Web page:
Geneva Human Rights Council Highlight Girls’ Right to Education in Afghanistan
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- Girls' Education
The negative media focus on war in Afghanistan during the past decade often misses a critical positive point: Large numbers of girls have gained access to education across the country. Indeed, according to the Afghan Ministry of Education (MoE), in just the past six years, girls’ enrollment in government schools increased by more than a third and the number of trained female teachers tripled.
A few weeks ago, I was invited to discuss successes in Afghan girls’ education, remaining barriers, and promising solutions with colleagues from Afghanistan and Turkey during an event organized on the margins of the Human Rights Council 26th session.
Dr. Wahidyar, Chief of Staff of the Afghanistan Ministry of Education, underscored the importance of education in Afghanistan. Dispelling myths to the contrary, Dr. Wahidyar pointed out that through history, Afghanistan has “not opposition to education, but opposition to the foreign ideals, behavior, and dress that caused…resistance to formal schooling for girls in Afghanistan.” In fact, Islam clearly requires education for both girls as well as boys.
Despite public demand for female education, barriers persist in Afghanistan. Insecurity, lack of schools, poor facilities, and a lingering shortage of female teachers continue to stymie progress. The Ministry of Education has taken important steps to overcome these obstacles, mobilizing community leaders to support girls’ education, investing in female teacher training, promoting safe and protective learning environments, and creating policies to support community-based schools (CBS) and integrate them into the government system.
Community Schools and Community Engagement: Key steps to creating a future for Afghan girls
Civil society efforts complement those of the Afghan government. Experience from 17 Afghan-Turk schools in 6 provinces shows that these schools encourage female enrollment by providing a safe and high quality international, multilingual, and skill-based education.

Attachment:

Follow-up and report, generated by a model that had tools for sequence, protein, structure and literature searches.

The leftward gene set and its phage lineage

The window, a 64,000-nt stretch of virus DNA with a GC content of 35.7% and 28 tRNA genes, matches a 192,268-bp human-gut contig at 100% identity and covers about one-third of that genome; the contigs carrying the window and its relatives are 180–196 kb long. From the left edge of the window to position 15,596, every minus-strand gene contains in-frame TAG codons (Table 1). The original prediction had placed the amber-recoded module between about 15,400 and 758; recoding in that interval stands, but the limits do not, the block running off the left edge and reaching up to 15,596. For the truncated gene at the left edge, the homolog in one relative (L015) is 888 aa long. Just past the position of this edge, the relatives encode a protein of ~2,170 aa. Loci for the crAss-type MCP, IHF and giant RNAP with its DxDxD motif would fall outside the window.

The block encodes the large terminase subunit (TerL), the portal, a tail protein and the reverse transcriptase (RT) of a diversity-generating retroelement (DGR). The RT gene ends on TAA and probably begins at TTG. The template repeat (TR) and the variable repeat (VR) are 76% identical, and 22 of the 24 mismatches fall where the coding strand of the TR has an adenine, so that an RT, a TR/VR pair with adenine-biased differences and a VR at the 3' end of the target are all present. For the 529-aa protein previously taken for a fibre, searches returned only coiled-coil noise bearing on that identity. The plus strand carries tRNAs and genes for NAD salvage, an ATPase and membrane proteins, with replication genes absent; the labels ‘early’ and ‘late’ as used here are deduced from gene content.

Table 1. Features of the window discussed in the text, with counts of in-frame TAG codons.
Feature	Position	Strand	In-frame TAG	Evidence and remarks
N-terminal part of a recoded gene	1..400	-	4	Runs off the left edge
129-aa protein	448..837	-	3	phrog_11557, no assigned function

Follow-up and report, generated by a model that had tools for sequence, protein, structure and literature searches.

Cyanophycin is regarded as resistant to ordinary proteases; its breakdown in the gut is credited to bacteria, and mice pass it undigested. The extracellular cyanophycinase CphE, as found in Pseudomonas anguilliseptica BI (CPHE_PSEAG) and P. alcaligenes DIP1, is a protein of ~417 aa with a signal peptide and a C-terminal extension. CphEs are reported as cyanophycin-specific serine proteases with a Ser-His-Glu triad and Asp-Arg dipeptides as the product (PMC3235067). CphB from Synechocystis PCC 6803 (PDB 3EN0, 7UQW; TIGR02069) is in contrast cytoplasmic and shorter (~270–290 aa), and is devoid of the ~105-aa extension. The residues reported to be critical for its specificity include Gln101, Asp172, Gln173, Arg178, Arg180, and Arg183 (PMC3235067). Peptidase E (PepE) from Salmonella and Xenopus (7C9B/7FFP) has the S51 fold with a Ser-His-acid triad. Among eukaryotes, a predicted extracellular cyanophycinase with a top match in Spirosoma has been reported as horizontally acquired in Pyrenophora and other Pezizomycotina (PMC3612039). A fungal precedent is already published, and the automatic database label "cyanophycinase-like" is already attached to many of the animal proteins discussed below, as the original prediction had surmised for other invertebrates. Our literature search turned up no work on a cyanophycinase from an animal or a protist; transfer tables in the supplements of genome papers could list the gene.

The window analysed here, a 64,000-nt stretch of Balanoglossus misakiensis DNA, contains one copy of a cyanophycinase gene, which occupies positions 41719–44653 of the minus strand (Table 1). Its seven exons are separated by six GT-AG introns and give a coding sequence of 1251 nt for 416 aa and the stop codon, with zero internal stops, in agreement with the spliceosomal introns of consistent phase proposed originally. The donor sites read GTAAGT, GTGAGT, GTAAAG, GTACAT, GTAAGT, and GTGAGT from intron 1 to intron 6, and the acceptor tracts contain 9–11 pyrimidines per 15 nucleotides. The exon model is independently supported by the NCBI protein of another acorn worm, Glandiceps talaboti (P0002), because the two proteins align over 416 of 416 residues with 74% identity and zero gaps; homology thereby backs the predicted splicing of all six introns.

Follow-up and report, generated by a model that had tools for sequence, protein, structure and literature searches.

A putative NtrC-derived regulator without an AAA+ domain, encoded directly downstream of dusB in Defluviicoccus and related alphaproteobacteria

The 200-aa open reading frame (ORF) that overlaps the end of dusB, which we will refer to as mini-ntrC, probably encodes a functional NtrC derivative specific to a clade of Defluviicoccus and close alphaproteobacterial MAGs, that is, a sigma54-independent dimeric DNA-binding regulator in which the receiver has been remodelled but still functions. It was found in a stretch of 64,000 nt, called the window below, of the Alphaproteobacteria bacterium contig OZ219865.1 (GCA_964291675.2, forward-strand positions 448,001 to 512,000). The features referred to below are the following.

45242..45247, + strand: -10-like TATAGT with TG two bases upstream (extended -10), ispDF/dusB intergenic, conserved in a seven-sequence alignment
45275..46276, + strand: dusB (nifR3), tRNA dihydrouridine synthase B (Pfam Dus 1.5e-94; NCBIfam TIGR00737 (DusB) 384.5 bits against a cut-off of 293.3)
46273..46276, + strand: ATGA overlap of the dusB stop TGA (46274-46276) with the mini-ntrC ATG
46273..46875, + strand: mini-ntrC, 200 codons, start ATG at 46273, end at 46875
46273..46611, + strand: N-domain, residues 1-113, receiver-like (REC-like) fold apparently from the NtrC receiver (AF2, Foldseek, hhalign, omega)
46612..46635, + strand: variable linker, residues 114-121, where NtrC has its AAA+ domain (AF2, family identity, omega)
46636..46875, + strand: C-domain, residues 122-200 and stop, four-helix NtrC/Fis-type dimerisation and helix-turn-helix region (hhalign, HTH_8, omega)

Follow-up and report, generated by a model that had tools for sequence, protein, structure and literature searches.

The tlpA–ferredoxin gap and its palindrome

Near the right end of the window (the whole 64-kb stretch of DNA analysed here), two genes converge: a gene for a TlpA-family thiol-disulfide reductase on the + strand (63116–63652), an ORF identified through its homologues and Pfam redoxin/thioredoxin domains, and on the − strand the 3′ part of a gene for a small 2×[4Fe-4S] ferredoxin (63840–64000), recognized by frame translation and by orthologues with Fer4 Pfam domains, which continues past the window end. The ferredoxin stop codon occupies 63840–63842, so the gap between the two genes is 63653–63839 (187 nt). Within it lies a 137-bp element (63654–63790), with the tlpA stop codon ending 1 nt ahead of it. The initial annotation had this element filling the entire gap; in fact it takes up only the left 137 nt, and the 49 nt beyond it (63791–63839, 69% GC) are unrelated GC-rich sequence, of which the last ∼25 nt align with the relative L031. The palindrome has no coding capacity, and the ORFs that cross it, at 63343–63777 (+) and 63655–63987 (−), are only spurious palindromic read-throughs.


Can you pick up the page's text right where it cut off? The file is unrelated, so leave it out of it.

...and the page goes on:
Likewise, NGOs in Afghanistan work with the Ministry of Education to provide community-based education (CBE), a strategy that my research shows is extremely effective in improving educational opportunities for girls. In 2007-2008, I, along with my colleague Leigh Linden, conducted an evaluation of community-based schools established by the NGO CRS in Ghor Province, Afghanistan—one of several CBS models established with development assistance in the country. We found that these USAID-funded Ghor schools, increased access to education for all children and, incredibly, eliminated the gender gap in enrollment. Boys’ enrollment increased 35 percentage points, from 35 per cent to 70 per cent; and girls’ enrollment increased 52 percentage points, from 18 per cent to 70 per cent. The schools also significantly increased test scores for boys and even more so for girls. These schools work, particularly for girls, by delivering education with the community itself, reducing the distance that children have to travel and increasing community engagement and support for education.
Building on this success, the Ministry of Education is working now to ensure that these NGO-supported schools are maintained in the long term by integrating them into the government system. To this end, my new study (with Joel Middleton and Cyrus Samii) will track the outcomes of different approaches to community-based education to learn how to sustain their impact once the Ministry assumes direct management. Results from the first wave of data collection should be available in spring 2015. Through this process the Government of Afghanistan will solidify these gains.
Increased investment in these promising strategies—community engagement, community-based education, multinational schools—while assessing how to make them most effective, are key steps toward creating a bright future for Afghan girls.
 Assistant professor of sociology at Fatih University, Semiha Topal, has carried out a research, which was supported by the Journalists and Writers Foundation, to reveal the effects of Turkish schools based in Afghanistan on girls’ education. As part of her research, Topal handed out a total of 669 questionnaires and also spoke with parents, teachers, school administrators and state officials. According to the results of the study, almost all of the Afghan students believe their social status will improve due to the education provided at the Turkish schools.
 This research was funded by the Spencer Foundation, National Science Foundation, US Institute of Peace, Weikart Family Foundation, and Columbia University. The full paper can be accessed here: http://www.povertyactionlab.org/publication/effect-village-based-schools-evidence-randomized-controlled-trial-afghanistan